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NEWS UPDATES Asean Affairs                                 12  September 2011

Philippine central bank urges repayment

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THE Bangko Sentral ng Pilipinas (BSP) said the government should prepay some of it foreign currency-denominated debt to cushion the impact of huge inflows of hot money into the country.

Citing recent gross international reserves data, monetary authorities said now is a good time to prepay the country's foreign debt because there is enough external liquidity.

The Philippines' GIR jumped by 51 percent to $75.6 billion at the end of August from the US$49.905 billion in the same period last year.

Month-on-month, foreign exchange holdings inched up 5.11 percent from $71.883 billion at end-July.

The eight-month figure already exceeded the revised full-year forecast of between $74 billion and $75 billion.

Data from the central bank showed that during the first half, total prepayments on medium- and long-term foreign loans reached $530.9 million, or 3.20 percent lower than the $584.4-million in the same period last year. The bulk of last year's prepayments or $488.8 million were made by the private sector.

Data from the Bureau of the Treasury showed the national government debt in May stood at P4.776 trillion, of which P2.040 trillion were owed to foreigners, mostly in US dollars.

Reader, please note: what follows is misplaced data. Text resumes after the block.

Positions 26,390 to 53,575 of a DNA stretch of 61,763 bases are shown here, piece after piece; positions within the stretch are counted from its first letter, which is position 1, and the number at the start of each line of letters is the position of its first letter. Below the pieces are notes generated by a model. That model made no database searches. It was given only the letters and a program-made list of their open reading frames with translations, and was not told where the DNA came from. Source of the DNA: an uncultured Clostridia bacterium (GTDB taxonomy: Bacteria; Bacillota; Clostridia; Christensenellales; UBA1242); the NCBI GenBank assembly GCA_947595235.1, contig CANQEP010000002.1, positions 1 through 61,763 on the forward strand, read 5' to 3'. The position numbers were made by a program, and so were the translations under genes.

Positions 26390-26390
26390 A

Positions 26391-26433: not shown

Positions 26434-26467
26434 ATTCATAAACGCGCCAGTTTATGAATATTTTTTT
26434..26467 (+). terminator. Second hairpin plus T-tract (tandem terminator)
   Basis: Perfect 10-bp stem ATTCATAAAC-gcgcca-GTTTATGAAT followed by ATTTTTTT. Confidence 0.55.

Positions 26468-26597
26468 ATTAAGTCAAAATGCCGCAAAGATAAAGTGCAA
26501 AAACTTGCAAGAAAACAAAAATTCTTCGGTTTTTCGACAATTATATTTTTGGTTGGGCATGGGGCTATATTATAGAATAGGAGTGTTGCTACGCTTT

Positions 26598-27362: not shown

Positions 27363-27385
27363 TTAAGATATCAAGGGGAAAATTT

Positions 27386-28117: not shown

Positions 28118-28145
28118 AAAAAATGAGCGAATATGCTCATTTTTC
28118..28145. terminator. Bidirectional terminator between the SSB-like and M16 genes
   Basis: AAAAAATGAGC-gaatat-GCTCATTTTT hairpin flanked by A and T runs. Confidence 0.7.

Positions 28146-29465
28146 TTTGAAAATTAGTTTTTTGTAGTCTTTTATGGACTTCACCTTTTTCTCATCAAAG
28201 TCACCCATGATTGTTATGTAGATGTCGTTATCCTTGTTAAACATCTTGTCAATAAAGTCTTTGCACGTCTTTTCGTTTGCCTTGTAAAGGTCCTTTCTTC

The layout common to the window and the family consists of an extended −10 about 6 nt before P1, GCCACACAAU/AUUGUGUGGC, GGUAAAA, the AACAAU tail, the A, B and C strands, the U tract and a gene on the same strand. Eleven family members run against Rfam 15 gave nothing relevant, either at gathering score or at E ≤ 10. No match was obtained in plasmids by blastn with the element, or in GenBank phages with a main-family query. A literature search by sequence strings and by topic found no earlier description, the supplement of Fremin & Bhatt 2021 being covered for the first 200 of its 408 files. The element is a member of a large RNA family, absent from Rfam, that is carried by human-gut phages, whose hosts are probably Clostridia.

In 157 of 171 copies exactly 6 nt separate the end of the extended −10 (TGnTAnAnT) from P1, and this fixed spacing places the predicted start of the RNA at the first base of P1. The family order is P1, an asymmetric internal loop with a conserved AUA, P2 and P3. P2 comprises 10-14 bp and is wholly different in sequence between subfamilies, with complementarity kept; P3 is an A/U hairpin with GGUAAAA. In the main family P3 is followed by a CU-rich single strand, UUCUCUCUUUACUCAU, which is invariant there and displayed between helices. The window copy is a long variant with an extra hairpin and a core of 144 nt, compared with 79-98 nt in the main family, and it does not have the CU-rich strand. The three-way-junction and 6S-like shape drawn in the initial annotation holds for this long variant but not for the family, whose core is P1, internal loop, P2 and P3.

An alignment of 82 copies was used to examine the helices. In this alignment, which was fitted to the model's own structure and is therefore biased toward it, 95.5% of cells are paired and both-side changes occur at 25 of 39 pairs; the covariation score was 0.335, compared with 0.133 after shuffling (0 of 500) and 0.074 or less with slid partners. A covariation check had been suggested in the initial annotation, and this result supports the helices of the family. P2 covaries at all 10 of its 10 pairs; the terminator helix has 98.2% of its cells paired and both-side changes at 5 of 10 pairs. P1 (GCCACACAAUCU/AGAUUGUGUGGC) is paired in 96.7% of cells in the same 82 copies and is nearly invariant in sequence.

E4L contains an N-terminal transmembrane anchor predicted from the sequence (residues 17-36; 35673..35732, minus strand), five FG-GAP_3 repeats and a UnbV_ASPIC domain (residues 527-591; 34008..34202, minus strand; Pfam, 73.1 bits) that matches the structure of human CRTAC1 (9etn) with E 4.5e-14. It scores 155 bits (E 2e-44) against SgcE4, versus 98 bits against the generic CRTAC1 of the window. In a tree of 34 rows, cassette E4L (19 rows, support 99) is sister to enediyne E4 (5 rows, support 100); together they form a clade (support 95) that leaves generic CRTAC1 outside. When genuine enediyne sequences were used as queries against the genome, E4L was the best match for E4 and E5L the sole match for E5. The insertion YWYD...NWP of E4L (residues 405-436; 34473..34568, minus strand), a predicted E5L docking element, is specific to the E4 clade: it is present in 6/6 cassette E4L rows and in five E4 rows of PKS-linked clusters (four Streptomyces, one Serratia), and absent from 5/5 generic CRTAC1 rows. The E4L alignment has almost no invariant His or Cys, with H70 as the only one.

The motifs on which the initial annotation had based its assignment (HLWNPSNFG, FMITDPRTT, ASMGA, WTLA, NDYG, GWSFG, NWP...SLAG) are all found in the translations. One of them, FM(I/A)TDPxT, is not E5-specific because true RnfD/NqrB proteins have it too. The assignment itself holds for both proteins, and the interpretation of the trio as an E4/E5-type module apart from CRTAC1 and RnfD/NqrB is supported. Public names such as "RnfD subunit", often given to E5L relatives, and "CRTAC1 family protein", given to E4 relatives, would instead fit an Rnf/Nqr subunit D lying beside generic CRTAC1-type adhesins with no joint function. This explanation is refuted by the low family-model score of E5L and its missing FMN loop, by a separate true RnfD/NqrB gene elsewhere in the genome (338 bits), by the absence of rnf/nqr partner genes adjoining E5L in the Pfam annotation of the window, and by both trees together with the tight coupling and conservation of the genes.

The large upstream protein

The BSP said prepaying dollar-denominated loans would stimulate demand for the greenback, which in turn would help temper the appreciation of the peso.

Upward pressure on the peso since the start of the year has been forcing the central bank to spend more buying dollars to avoid a sharp and sudden appreciation of the peso.

Under its exchange rate policy, the BSP allows market forces to determine the exchange rate, but it intervenes from time to time to avoid too much volatility.

Data from the BSP showed that the peso remained competitive against a narrow and a broad basket of currencies in the region.

As of August, the local unit has appreciated by 2.54 percent against major trading partners, such as the US, Japan, the European Monetary Union, and the United Kingdom using the average inflation rate of the previous two months.


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It is commonplace in journalism to write two types of articles at the transition point between the year that has passed and the New Year. As this writer qualifies as an “old hand” in observing Thailand with a track record dating back 14 years, it is time take a shot at what may unfold in Thailand in 2011.

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